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Lowepro Whistler BP 450 AW Camera Backpack

After a year of regular use, here are my favorite — and not so favorite features — of this all-weather camera pack

I started using the Lowepro Whistler BP 450 AW a year ago, and now that it has been my main camera bag on quite a few trips I figured it’s about time I write a review.

The 450 is the largest Whistler bag that Lowepro makes, with the 350 being the smaller option. Check out Lowepro’s Whistler page for all the details on this bag.


I’ve been using other similar camera bags for years, and this was my first time using a Lowepro bag. This bag is aimed at nature and landscape photographers on trips into the wild. It’s a rugged and weather resistant bag, and opens from the back so you can set the bag down on its face wherever you are, open the back to access your gear, and then put the bag on again without getting dirt, mud, seaweed, etc, on yourself — the front of the bag takes the beating.

The interior storage compartment is removable, so you can use the compartment as a standalone unit, and you can turn the backpack into a general purpose bag. You can move around the dividers to fit your gear, and I find the orange dividers to be particularly nice since they don’t have a soft fabric that will get worn out.

It’s a pretty comfortable bag as far as camera bags go, but I’ve never had a backcountry inspired camera bag that was anywhere near as comfortable as a true backcountry hiking bag. I’ll use the Whistler on short hikes, but for any long hikes or overnights I pack my camera gear into my 65 liter (or larger) hiking bag.


The Awesome

  • I love the rear opening. I am frequently shooting at the seacoast, on a mountain or in the woods, and this rear opening lets me not worry about where I put the bag down.
  • The customizable dividers let you make the bag your own and so far have held up well.
  • The front pocket is spacious and has zips that let you compress it or make it bigger, and the lining between the front pocket and the main camera compartment is waterproof so you can store wet gear. There’s even a drain hole in the bottom of the front pocket.
  • Straps on the sides and back make it easy to carry and attach extra gear. I use them to bring extra clothes that don’t fit in the front pocket, strap on a water bottle holster or attach my tripod to the bag. The straps and bindings on the sides of the bag are also perfect for skis and will hold hiking sticks or ice tools if secured properly.
  • The harness system is very nice, and the waist belt and chest strap are great for longer treks, although a little more padding in the waist belt would be nice when the pack is heavy.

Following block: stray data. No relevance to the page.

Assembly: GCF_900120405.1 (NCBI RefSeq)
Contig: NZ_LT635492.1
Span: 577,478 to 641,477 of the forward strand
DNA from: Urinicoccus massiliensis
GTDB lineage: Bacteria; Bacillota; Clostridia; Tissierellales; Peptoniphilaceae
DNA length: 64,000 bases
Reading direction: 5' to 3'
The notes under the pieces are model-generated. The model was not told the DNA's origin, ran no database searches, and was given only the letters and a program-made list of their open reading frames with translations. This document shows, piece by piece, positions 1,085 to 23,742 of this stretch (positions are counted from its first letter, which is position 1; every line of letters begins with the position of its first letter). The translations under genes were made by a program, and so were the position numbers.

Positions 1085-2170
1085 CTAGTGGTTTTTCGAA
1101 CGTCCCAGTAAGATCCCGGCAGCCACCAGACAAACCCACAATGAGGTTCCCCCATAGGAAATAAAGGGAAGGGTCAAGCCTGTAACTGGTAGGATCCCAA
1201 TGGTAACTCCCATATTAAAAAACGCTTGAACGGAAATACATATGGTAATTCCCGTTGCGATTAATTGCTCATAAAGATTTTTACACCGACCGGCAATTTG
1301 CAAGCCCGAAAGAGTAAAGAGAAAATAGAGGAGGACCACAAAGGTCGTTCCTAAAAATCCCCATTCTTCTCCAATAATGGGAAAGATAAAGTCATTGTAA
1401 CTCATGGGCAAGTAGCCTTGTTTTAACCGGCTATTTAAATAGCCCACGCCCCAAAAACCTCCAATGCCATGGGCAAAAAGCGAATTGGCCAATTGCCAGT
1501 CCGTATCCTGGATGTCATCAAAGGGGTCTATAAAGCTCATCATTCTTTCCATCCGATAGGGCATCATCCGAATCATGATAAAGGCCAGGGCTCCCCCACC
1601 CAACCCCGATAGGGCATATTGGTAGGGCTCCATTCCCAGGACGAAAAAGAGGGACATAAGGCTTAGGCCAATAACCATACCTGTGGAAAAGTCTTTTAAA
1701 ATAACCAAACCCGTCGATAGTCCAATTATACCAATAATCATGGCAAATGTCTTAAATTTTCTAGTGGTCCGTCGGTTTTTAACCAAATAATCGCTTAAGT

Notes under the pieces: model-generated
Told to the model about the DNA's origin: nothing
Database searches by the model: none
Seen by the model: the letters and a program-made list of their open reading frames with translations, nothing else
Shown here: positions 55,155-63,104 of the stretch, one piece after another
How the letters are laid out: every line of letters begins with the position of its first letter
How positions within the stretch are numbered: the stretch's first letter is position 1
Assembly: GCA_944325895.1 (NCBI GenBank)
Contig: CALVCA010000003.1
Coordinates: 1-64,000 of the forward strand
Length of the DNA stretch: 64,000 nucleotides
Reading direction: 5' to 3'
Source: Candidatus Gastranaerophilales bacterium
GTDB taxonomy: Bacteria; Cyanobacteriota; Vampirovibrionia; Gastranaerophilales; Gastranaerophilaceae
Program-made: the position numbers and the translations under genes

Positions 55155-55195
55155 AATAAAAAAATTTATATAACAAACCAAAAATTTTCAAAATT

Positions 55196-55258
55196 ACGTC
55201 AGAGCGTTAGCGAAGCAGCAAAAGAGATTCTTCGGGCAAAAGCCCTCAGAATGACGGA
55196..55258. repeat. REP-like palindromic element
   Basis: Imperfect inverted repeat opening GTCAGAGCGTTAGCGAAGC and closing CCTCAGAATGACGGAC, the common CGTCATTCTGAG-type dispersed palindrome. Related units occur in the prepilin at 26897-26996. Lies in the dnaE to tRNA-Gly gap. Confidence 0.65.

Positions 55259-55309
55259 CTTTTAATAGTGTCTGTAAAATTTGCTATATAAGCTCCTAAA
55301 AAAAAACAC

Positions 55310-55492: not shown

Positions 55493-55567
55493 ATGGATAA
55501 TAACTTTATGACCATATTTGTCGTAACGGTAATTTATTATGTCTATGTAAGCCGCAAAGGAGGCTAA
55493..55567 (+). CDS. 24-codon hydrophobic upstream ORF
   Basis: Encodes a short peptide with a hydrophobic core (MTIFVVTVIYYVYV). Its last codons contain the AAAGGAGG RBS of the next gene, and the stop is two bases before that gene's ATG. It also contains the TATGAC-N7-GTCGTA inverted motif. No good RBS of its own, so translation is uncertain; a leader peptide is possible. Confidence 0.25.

• The bag comes with a weather cover that you can put on when the rain is really coming down.


The Not-So-Awesome

  • Too small! The 450 is the largest Whistler bag but it’s pretty small for an alpine bag. The top pocket especially is surprisingly small. There really isn’t a ton of room in this bag for camera accessories that don’t fit in the main compartment, the front pocket is pretty large but anything you put in there needs to be able to handle the weight of all your camera gear on it when you lay the bag down, and it’s just much easier to use the top pocket for storing camera accessories when the bag is on the ground. It would be great if the top pocket was two or three times the size. The top pocket tapers in on the sides, which gives the bag a sleek look but makes the pocket even smaller.
  • The orange straps on the back of the bag aren’t completely secured to the bag. The straps have silver hooks that connect to the side straps of the bag, but there’s nothing at the bottom of the hook opening to keep the strap secured (see photo below). Given how often I’m hiking through tight spaces in the woods I worry a bit that a branch could get hung up on the strap and it could take the strap off without me even knowing. I might try putting some tape over the opening of the hook to make it less likely to get ripped off the bag. I’ve seen similar removable straps on other bags that have a retractable metal clip that covers the opening of the hook to keep the strap secured.
  • The bag has a nice profile but it’s a bit narrow. I could use a bit more room in the main compartment.
  • No mesh pockets on the sides of the bag for storing water bottles.
  • Pricey! Lowepro Whistler bags are pretty expensive for their size.


The Bottom Line_a8w1325

Overall I really like the Lowepro Whistler BP 450 AW camera backpack. It’s a rugged and well built bag that feels like it will take quite a beating, but I’d love to see a larger version. Of course if you’re shooting mirrorless or crop you’ll have a lot more room in the bag for camera gear.

To learn more about my photography, editing techniques, and videos visit my website at

Adam Woodworth is a landscape photographer, award-winning filmmaker and software engineer. He has had a love of photography for most of his life and one of his main focuses is landscape astrophotography. His earliest memory of gazing up in awe at the night sky was as a child in a canoe on a lake in Maine, fishing at night. The intensity of the star-filled sky in such a peaceful spot was a powerful experience, and now he enjoys sharing that experience through his photography. Follow him on Instagram as @awoodworthphoto.